I recently got put into a bigger position at work. Altho it’s just temporary (I’m doing it while someone is out on medical leave but will return) it gives me an “out”…”Oh good, I’m too busy now, no time to write, so I won’t even worry about trying to fit that in to my day…” It’s an excuse. A reason to run. Somehow I’m finding an extra hour in my day for these new work responsibilities, but I could never find an extra hour in my day to blog or start on a book that I’ve felt the nudges to write.
    Thank you for writing what you wrote above. You are NOT alone. Most of us mope around and get cranky when we feel called, because it means emptying ourselves of what’s really in us, and it also means making ourselves vulnerable to rejection, criticism, and our own self-defeating attitudes if our product doesn’t come out as perfect as we’d like.
    As you can probably tell, I could go on and on about this subject, as it’s been the theme song of my daily life for a couple of years now. So I’m here to tell you to push through the crankies and write that devotional! The minute I read what you were thinking of writing, I thought “Oh my gosh, how needed that is in our world!!!” That’s the item that those of us who don’t know what to say to our newly diagnosed friend or sister or coworker can use to put in their hands as a way of saying “I love you and am so sorry this has happened. Here’s hope.”
    Looking forward to buying a copy when it comes out…

    • dabneyhedegard

      I think I just need to reread what you’ve read over and over again. We all need encouragement. Thank you for your words!

  • Rachel Godin

    I LOVE this! You know that God has put something on my heart, but I am the queen of excuses, it seems, but only for this one thing. God is so amazing and so powerful, and so patient that He waits on us, all the while gently encouraging us to just listen to His plans. The part that stuck out to me is: “If your life is under attack, that means you must be carrying something good inside.” I’ve never, ever looked at this way. And when you look at God’s nudges from this perspective, it makes you doubt your resistance.
    Along those same lines: “The fact that you struggle is not a sign that you’re worthless and useless to God, it’s a sign that you’re so worthwhile and valuable to God, that there’s an enemy that opposes you.” This is so true, but the wonderful thing is that God is bigger than the enemy, and He is bigger than any doubt or excuses that we conjure up.

    • dabneyhedegard

      You are worthwhile and valuable! And, God put me in your life to bug you so neither of us can make excuses anymore. 🙂 But it’s easier to come up with a reason why something isn’t a good idea, isn’t it? Ugh. So thankful God puts people in our path to nudge us on.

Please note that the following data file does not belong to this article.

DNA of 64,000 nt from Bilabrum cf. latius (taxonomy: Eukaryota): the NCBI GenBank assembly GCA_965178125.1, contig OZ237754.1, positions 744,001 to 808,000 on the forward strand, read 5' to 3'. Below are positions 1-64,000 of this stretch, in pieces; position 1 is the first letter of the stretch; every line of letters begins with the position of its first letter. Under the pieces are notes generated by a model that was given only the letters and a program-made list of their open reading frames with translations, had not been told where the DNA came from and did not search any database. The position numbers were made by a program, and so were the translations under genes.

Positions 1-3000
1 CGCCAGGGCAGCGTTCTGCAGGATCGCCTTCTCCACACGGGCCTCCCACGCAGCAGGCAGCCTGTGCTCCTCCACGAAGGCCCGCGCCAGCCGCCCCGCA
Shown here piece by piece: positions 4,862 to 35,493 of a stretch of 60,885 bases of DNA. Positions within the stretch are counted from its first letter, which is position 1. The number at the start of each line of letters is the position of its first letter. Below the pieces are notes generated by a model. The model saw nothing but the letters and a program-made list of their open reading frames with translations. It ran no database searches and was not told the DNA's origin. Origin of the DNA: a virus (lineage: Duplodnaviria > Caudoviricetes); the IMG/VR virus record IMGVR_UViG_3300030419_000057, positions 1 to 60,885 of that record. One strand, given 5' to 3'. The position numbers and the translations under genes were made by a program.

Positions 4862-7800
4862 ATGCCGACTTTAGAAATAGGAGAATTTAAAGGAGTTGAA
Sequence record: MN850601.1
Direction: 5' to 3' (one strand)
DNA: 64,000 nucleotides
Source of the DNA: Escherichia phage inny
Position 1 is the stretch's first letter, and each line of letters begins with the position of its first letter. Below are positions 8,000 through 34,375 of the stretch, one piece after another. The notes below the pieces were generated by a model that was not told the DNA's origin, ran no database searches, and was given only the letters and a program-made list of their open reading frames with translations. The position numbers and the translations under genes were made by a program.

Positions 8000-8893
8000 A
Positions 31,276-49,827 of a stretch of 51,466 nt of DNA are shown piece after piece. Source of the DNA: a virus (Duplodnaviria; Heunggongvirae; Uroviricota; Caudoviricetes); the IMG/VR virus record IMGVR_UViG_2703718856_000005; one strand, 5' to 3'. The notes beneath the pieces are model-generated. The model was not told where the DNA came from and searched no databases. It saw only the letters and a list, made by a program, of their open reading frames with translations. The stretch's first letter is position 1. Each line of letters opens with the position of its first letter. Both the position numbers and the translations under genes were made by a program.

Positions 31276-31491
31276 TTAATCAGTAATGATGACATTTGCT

• Paige

    You are amazing Dabney. Every time I see you I see a put together, adorable, sweet yet strong woman!! It is hard to believe you EVER have self doubt. You should not b/c your story is AMAZING and you have great things to say! You have great encouragement to give. So buck up buttercup! And if you need a kick – call me, I’ll help you! You are gorgeous inside and out. Plus you have that rockin’ PINK bag! 😉 xoxo

  • cottageonstrawberry

    I think the more a person suffers the more they have to share and comfort others … you have poured your heart out Dabney … vulnerable, hurting, crying tears seen and unseen, and yet with such compassion. So wonderful to know that you have a husband who loves you so. Thank you so much for posting Steven Furtick’s message. Very encouraging and thought-provoking. Truth …
    Sometimes one feels like they are in a glass bottle looking outward at the world just passing by … God bless.

    • dabneyhedegard

      I know that glass-bottle feeling. And you’re right. The more we suffer the more we have learned what ways would comfort someone going through a similar circumstance. God is so good to use our experiences to help others. Makes me so thankful I’m a Christian.

    • dabneyhedegard

      Isn’t that the truth? When you hear a message that speaks to your heart when you need it most, that’s when you know it’s God. Awesome.

  • Unshakable Hope

    Excellent post, Dabney! I needed this; I too struggle with self-doubt (among other things:-)
    BTW; I love the idea of you writing a devotional for newly diagnosed patients. As you know, it’s so important to get focused on hope and healing as soon (after diagnosis) as possible. If you get off-track (into depression and “why me…?”) early, it’s really difficult to get refocused; it’s like a black hole that sucks you in.

    • dabneyhedegard

      It is soooo important to focus on hope and healing!!!! You’re right. That black hole has opened up underneath me before. Praise God for His goodness and word that can transform our minds. That’s why sites like yours are so important.
      As always, it’s good to hear from you. Please tell your wife I said hello. 🙂